Expanding on Hegel’s reference to Goethe’s Faust, Harris uses the literary character of Faust to illustrate this stage. “Faust is quite aware that everyone recognizes his rational status; and he recognizes theirs, likewise. He is not in any danger of getting into a life and death struggle, and he does not keep serfs in fear of their lives. But the self-realization of others is not his concern; and the first lesson that life teaches him is that that is a mistake” (ibid).

Hegel here refers back to the unalienated character of traditional Sittlichkeit or “ethical life”. Harris notes that many readers have misunderstood Hegel as simply advocating communal values over the individual. He says the Greek polis or city-state with its large reliance on custom and tradition did not in fact realize Hegel’s Ethical Substance, but was only a kind of ethical “thing”, even though Ethical Substance implicitly had to be there already, in the form of the Greek people.

Moving on, “The ‘active Reason’ that we are actually observing… is the Self-Consciousness that has emerged from the ‘night of the supersensible Beyond into the daylight of the present'” (p. 16). “Neither the natural nor the rational self-consciousness has any memory of a ‘Paradise Lost’ that is to become ‘Paradise Regained'” (p. 18). The self-consciousness that we are observing has to begin again “from nothing” (p. 19).

But “Like the freedom of the Lord in the world of the natural self, the higher freedom of Reason now exists (paradoxically) only in order to organize the life of natural necessity” (ibid). The rational self “lives in a world of utilities” (p. 18). At this stage “The social substance is selbstlos [selfless]; ‘selfhood’ belongs only to the individuals who have their careers to make, and their family fortunes to maintain” (p. 19). This is the modern world of civil society.

“Faust’s lesson is about human relations. He has to learn from actual experience that his own rational self is constituted by its relations with others” (p. 21).

What Hegel calls the attitude of “Active Reason” here seems to have more to do with a desire to impose a personal conception of “reasonableness” on the world and others whom we encounter than with “reasoning”.

Active Reason’s first approach to morality is grounded in a crusading form of personal conscience that Hegel calls the Law of the Heart. Purely in its own name, it passes judgment on the world and everything in it. It finds that something is wrong with the world, and sets out naively to make things right. This can quickly go overboard. Harris here speaks of “an insane crusade to bring the false Heart into subjection” (p. 23). Hegel himself refers to the Law of the Heart as a “frenzy of self-conceit” (quoted, p. 32). The Heart concludes that “The world is mad, and the madness is induced and sustained by the selfish interests of its rulers. The fault lies… with certain bad apples” (p. 42). Hegel thinks this kind of personally blaming attitude inevitably goes wrong.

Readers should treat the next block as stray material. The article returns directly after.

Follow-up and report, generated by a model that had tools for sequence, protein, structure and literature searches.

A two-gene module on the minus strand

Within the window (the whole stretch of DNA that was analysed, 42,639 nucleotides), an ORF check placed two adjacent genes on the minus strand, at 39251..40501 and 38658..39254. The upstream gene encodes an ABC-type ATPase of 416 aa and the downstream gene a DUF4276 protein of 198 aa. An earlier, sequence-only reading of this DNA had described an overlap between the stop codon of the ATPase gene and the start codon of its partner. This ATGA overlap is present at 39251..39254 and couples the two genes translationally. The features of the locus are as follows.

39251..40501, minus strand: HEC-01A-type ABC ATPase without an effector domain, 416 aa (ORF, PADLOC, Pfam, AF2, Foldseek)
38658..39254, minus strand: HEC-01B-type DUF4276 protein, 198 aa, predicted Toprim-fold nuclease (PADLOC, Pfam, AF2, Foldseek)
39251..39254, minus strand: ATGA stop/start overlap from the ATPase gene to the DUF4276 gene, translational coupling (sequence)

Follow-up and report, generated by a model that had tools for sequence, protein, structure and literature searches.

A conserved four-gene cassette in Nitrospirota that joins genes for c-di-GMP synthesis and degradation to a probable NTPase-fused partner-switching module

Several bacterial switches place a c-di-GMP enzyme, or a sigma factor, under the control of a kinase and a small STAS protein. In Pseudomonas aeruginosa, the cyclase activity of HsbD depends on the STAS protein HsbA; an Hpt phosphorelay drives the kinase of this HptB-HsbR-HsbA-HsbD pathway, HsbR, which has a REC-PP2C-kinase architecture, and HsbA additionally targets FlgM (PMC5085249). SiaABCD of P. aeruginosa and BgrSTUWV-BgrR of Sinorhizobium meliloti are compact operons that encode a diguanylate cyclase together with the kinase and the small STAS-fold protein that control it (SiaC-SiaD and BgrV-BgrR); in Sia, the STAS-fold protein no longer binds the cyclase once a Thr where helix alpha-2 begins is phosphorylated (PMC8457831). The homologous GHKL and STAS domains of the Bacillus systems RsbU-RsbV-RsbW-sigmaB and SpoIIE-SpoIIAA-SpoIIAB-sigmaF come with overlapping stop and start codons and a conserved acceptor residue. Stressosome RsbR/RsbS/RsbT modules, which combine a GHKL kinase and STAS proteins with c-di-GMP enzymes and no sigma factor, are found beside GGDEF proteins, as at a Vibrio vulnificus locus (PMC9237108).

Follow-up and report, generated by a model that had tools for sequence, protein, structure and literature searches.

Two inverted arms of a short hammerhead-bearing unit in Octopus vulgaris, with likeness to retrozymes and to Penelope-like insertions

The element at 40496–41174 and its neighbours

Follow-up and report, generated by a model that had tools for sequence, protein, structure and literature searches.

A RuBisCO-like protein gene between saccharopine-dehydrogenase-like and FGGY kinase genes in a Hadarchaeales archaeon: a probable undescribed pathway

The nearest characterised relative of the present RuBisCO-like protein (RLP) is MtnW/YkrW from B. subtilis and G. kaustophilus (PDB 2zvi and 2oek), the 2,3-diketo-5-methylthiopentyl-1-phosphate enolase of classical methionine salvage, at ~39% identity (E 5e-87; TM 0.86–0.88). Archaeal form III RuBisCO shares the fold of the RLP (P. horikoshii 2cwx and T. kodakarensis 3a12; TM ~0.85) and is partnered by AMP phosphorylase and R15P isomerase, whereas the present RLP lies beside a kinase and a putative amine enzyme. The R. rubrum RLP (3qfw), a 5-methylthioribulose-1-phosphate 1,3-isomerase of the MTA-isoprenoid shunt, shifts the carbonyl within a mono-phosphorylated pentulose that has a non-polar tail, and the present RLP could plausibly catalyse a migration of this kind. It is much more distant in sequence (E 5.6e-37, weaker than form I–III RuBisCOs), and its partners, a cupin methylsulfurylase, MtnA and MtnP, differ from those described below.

Rousseau had used the term “Law of the Heart” to express a positive ideal. Hegel’s overwhelmingly negative discussion can thus be read as implicit criticism of Rousseau, but he also uses the term to characterize the attitude of some Romantic literary characters.

A “second inversion” of active Reason takes the form of a certain abstract modern notion of “Virtue” like that promoted by Robespierre and the Jacobins in the French Revolution, where everyone is called upon to unconditionally subordinate themselves to the needs of the social order. This takes us from an error of one-sided individualism to an error of one-sided collectivism.

What would deserve to be called ethical Reason does not appear fully formed like Athena from the head of Zeus. For Hegel it is always a matter of human practice. These unbalanced early stages of human Reason’s self-actualization reflect its immaturity at this point, but (according to Hegel, if we take a long view) constitute necessary stages in its process of learning.

Modernity, Voluntarism

A draft chapter on pre-Hegelian stages in the history of normativity that Brandom removed from the published Spirit of Trust is now separately available on the internet. Parts or aspects of this historical narrative are the main source of issues I’ve had with Brandom in recent times. I take his removal of the chapter as confirmation that this historical argument should be viewed as an independent, optional supplement to the main philosophical argument of this truly great work. But Brandom still implicitly relies on it in summarily characterizing what he calls the single most important transformation in history — having to do with the status of normativity in the Enlightenment — and I have issues with those statements as well.

He begins by recalling a number of core themes I would wholeheartedly endorse.  Hegel “fully appreciated, as many of Kant’s readers have not” that Kant fundamentally rethought notions of self, self-consciousness, apperception, and “consciousness in the sense of apperception” in normative terms.  This is a vitally important point.

“Judgment is the minimal form of apperceptive awareness because judgments are the smallest units one can commit oneself to, make oneself responsible for”.  The “I” in “I think” that Kant called the “emptiest of all representations” is a kind of formal mark of taking responsibility for the judging.  What is represented in the judgment is what one makes oneself responsible to, and the “I” in turn only acquires determinate reference from what we implicitly or explicitly take responsibility for.  What Brandom following popular usage still calls “conscious selves”, he glosses with precision as “apperceptively unified constellations of commitments”.

Concepts are “rules that determine what commitments are reasons for and against”, and as such govern the synthesis of apperceptive unities, but they should not be thought of as pre-existing.  “Judgeable contents take methodological pride of place because of their role in Kant’s normative account of judging”.  Concepts used in judgments acquire their content from the activity of judging, from what one does in applying them.  Brandom thinks Hegel sees Kant as a “semantic pragmatist” not just in the Fichtean sense of the primacy of practical philosophy over theoretical philosophy, but in the more radical sense that for Kant, a normative account of discursive activity has methodological explanatory authority over the determination of discursive content in both theoretical and practical philosophy.